Editor’s note: This post contains spoilers for The Batman.
You stand with the belligerent, the surly, and the badly behaved until the bad behavior is recognized for the language it is: the vocabulary of the deeply wounded and of those whose burdens are more than they can bear.
Those are the words of Father Greg, founder of Homeboy Industries, a man of peace who is actively fighting to restore Los Angeles through a gang-intervention, rehabilitation, and reentry program. I thought of how his mission both compares and contrasts to that of Batman while watching the latest movie adaptation of the DC Comics character: The Batman. Historically, Batman has been a hero with a dark past, one who remains incorruptible despite losing his parents to the violence of a corrupt city. Yet in The Batman, his actions often reflect those of a villain trying to achieve peace, as he strikes back at the crime which made him an orphan. Batman is a deeply wounded, complex character. He’s a justice warrior bringing about vengeance with his own hands. But can this bring peace?
This take on the greatest superhero (yes, he’s super even without powers) is dark, both literally and conceptually. Director Matt Reeves, who wrote the screenplay with Peter Craig, invokes realistic crime by showing Gotham as gloomy and gritty. Most of the movie is covered in a dark palette, with rain in many scenes and shadows everywhere. Gotham the gothic. Yet what sets The Batman apart is its ties to the real world. We meet The Riddler (Paul Dano), who leaves clues at crime scenes not unlike the real-life Zodiac killer. In fact, the filmmakers designed one of The Riddler’s cards after one of the Zodiac’s, enhancing the realistic horror element of the film. His costume design is also inspired by an actual sketch of the Zodiac killer.
As Batman, Robert Pattinson is not as fantastical as his comic-book counterpart. He’s only in his second year of crime fighting and in many ways he’s still getting the hang of things. He’s Batman, the world’s greatest detective, who isn’t actually great yet. In many of Batman’s other stories, he struggles between balancing the lives of Batman, the superhero, and Bruce Wayne, the super-rich, yet Pattinson doesn’t spend much time giving us Bruce Wayne. He mainly feels like Batman with his cape off. We even see him in public with his Batman makeup but no suit. He’s slightly more careless than the veteran Batmans who rarely show cracks in their armor. It’s in this developing character that we get the center of a potent theme in the film: vengeance.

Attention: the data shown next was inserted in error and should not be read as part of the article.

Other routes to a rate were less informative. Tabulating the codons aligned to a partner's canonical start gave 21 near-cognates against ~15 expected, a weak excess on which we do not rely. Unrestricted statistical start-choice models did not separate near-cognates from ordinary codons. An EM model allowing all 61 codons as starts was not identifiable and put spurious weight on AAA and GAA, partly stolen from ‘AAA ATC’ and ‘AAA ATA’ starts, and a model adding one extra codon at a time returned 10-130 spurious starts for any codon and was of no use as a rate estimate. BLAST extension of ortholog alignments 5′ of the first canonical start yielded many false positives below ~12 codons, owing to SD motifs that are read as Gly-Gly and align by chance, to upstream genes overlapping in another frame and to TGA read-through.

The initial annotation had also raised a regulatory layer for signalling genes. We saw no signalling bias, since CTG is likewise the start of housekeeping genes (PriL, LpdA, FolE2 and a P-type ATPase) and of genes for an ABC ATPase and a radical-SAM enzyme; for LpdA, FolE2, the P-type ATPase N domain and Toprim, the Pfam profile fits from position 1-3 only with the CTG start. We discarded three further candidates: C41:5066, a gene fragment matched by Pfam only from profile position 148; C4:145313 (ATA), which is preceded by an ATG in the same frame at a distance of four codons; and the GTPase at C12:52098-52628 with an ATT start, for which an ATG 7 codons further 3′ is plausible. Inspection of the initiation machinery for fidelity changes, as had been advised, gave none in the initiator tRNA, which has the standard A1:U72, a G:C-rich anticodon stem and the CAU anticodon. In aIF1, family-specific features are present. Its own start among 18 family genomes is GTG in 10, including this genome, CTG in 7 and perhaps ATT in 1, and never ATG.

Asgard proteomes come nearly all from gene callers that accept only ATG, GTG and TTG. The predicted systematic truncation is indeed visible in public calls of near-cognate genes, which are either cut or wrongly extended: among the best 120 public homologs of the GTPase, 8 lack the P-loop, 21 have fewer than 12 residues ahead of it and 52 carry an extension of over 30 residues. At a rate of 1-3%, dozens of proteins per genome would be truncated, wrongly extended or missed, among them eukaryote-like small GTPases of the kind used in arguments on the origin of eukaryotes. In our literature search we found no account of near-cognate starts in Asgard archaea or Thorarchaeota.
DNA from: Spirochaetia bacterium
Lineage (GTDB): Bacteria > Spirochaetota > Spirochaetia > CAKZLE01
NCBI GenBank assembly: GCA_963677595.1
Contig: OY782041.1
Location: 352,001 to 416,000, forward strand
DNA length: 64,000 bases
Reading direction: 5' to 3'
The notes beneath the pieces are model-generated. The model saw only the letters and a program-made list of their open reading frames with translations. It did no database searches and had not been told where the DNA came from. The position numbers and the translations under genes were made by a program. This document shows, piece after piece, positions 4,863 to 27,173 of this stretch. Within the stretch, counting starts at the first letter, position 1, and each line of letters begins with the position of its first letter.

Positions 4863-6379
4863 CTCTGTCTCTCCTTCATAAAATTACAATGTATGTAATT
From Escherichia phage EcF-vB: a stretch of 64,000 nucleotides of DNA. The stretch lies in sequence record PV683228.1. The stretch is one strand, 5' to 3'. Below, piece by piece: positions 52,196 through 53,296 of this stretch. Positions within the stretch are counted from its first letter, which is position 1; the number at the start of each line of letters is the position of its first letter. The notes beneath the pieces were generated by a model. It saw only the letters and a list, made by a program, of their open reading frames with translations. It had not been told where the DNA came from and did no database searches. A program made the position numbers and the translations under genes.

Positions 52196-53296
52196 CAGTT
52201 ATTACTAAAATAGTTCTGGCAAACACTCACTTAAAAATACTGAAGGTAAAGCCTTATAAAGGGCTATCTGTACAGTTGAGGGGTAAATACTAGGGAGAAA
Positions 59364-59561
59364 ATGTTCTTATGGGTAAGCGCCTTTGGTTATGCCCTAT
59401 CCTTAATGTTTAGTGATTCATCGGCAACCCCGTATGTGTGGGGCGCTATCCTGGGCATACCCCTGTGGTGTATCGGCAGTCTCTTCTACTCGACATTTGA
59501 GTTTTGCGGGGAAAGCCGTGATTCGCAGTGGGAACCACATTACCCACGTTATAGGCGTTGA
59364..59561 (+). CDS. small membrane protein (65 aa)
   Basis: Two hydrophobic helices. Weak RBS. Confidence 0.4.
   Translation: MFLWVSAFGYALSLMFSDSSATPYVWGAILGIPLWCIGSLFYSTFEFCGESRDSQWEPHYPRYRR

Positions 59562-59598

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Batman’s first scene plays out like a horror movie. Pattinson provides a voiceover about the state of Gotham while we witness crime after crime. Eerie music plays, but there is no appearance of Batman at first. It feels as if he’s lurking in the shadows. He doesn’t show up until we meet a gang attacking a civilian. Batman slowly emerges from the shadows and reveals himself in all black—just like a slasher villain would. One of the gang members asks him who he is; after brutally assaulting him, Batman states, “I’m Vengeance!” In Batman’s quest to redeem Gotham, he doesn’t just seek vengeance, he embodies it. The scene even ends with the civilian running away in terror from his would-be savior.
Throughout the movie, Batman is often referred to as “Vengeance,” and we see how this affects the city. Many of the cops don’t trust him, the public hasn’t embraced him, and villains seem to be emboldened by him. There’s a case to be made that Batman actually inspired his antagonist, The Riddler, to become a masked vigilante. In this realistic depiction of a superhero story, real people aren’t “good” tools for vengeance. The vengeance that we seek in our lives usually leads to more chaos than peace. Barbara Deming, an activist for women’s and civil rights, said it this way: “Vengeance is not the point; change is. But the trouble is that in most people’s minds the thought of victory and the thought of punishing the enemy coincide.” Maybe this is why God told us in Deuteronomy that vengeance is his. We don’t pursue it well or justly.
In one of the many closing scenes in the movie (spoilers ahead), Batman’s focus changes from avenging to rescuing. Gotham is in crisis thanks to The Riddler, with flooding in the streets. People have fled to a stadium, which starts to fill with water. Inside, a massive electrical wire hangs over the rising flood, threatening to shock the panicked bystanders below. Batman leaps to the wire, cuts it while getting electrocuted himself, then plummets into the rising tide. When he emerges from the water, he finds a group of trapped civilians and struggles to free them, extending his hand to pull them out. Even so, the first person he approaches hesitates, unsure of his turn from vengeance to assistance.
Sacrifice is Batman’s best tool for bringing peace to his city, not vengeance. This is also the way God intends for us. The sacrificial love Batman shows for the people of Gotham is what wins them over, not a feat of physical strength or the elimination of villains. They are wooed when he lives out this command: “Greater love has no one than this: to lay down one’s life for one’s friends.”
Batman’s final monologue sheds light on his new perspective: “Vengeance won’t change the past, mine or anyone else’s. I have to become more. People need hope, to know someone’s out there for them.” Like Batman, with our faulty human nature, we can't pursue vengeance with a just heart. We will inevitably fail, thus it's our job to love sacrificially and trust God to do the rest, "in due time."